Cayenne poked a pudgy finger onto the tablet cradled atop her father’s thighs. “That one,” she said, the words whistling through the gap in her teeth.
Grayson pinched two fingers together to enlarge the image of a neon blue poodle with a white tipped nose. “Are you sure you don’t want an original? They’re much cheaper, they’re more active, and they’re softer to cuddle with since there isn’t any metal underneath.”
“Eww no. I don’t want to clean up poop. And don’t those need to be walked all the time? Plus the money you would spend on stinky food for it… Yuck.”
Cayenne gave her trademark head shake, signaling there was no changing her mind, and that was that. They would have to add another robot to the household.
Grayson dragged the product to his shopping cart, but then X’ed out the browser. As a seven-year-old he had begged his mother for a mutt from the local shelter. He had promised to fill the dog’s bowl and clean his messes and walk him down the block every single day, even if that meant missing spin-the-bottle sleepovers and baseball camp.
Raising Ferris, his Daschund-Boxer mix, had taught him responsibility. It taught him what it meant to care for another beating heart more than his own. It taught him from a young age that becoming a father would be in his future.
Thirty years after adopting that dog, while sitting on the sofa with the little girl who shared his freckled forehead and bumpy nose, he said, “A mechanical dog is going to need repairs. Adjusting one malfunction will cost more money than Purina would for a year. And if you potty train him you won’t need to worry about cleaning up after him. And the walks? The walks are part of the fun. You get to explore the neighborhood together. You get to watch him sniff and chase squirrels and jump in leaves. What’s the point in getting a dog otherwise?”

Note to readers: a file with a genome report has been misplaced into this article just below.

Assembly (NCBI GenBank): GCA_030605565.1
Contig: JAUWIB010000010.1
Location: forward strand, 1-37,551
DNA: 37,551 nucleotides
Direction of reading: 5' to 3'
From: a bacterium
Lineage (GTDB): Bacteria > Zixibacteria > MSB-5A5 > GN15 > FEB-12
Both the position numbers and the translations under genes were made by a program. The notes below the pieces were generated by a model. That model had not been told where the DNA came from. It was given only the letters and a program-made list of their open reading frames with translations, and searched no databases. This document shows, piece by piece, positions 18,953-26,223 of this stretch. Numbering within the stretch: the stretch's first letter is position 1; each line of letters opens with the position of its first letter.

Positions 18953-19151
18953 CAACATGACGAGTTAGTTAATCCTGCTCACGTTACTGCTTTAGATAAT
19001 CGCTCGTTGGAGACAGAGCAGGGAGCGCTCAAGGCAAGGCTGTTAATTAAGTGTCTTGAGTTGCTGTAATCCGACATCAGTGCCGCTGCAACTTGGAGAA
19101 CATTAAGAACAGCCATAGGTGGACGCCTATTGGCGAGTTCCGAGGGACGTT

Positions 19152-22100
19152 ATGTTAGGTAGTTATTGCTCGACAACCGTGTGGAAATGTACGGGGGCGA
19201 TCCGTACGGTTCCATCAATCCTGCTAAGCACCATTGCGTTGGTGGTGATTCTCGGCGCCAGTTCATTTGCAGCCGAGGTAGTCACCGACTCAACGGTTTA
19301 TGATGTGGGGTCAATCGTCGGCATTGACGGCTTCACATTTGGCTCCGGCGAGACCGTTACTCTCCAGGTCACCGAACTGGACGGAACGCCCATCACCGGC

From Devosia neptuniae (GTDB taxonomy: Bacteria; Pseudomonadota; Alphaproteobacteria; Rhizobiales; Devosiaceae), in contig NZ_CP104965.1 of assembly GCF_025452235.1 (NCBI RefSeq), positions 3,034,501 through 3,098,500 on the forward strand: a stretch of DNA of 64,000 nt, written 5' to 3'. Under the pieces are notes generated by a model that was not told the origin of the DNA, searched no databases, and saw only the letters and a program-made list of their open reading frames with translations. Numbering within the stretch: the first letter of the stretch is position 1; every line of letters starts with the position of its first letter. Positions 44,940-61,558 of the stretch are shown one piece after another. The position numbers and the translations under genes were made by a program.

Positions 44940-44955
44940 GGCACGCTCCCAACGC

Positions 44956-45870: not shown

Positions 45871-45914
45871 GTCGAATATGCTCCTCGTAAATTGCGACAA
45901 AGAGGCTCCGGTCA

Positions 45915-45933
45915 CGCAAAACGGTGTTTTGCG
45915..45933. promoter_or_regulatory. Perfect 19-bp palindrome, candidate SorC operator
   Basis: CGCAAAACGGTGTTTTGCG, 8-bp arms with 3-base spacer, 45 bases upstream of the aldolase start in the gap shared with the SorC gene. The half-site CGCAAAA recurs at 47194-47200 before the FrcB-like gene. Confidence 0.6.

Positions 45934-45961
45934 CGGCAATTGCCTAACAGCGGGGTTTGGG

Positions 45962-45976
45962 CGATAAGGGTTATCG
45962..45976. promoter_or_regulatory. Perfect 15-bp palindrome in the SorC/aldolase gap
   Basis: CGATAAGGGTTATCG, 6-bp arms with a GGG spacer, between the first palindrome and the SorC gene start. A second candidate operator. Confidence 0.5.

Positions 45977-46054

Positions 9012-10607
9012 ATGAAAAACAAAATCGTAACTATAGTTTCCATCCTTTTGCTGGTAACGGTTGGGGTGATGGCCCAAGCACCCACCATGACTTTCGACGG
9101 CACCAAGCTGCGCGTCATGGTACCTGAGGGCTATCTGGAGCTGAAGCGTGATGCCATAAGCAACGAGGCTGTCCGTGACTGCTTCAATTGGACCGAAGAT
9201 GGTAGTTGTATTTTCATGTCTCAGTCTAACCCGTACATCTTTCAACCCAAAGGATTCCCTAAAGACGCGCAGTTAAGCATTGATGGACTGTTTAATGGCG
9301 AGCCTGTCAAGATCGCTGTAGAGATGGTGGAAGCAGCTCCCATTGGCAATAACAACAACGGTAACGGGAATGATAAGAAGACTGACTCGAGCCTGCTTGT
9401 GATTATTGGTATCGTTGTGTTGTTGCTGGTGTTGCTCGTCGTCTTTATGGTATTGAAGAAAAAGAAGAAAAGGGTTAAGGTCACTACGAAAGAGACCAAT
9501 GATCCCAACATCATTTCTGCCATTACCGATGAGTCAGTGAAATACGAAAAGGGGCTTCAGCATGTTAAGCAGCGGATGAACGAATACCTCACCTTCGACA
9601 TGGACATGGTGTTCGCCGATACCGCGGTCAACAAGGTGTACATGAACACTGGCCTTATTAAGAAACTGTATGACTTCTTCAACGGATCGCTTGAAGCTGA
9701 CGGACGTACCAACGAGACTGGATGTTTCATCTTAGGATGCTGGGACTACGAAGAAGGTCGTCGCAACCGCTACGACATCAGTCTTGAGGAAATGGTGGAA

“All my friends have mechanicals.”
“Because their parents are lazy.” He threw up a hand the way he used to wave other drivers through intersections back before self-driving cars took over. “Fine. I’ll take care of him. Get an original and I’ll do all the work for you. You can just play.”
Her peach lips twisted. A look of disgust. Like she was an NYC business woman told to carry around a Walmart handbag instead of a Prada.
“You still don’t want it,” Grayson said. A statement, not a question.
“Real animals aren’t popular anymore. They’re for, like, homeless people.”
It was true. Bone-thin puppies and kittens littered the streets because no one wanted them, the same way children clogged up foster homes because parents chose mechanical babies instead. Babies that would never grow. Babies that could never die or leave home or marry the wrong man. Babies that would still be there, safe and sound at home, even if their father decided to go on a coke binge that night or leave the country for a week on a whim.
“You aren’t going to be able to bond with a fake dog like you’d be able to bond with an original,” Grayson said as his final argument. But he knew that was a lie. He knew because of the batteries humming inside of Cayenne’s stomach, the ones keeping her breathing, the ones making him a father when he didn’t have any right to be.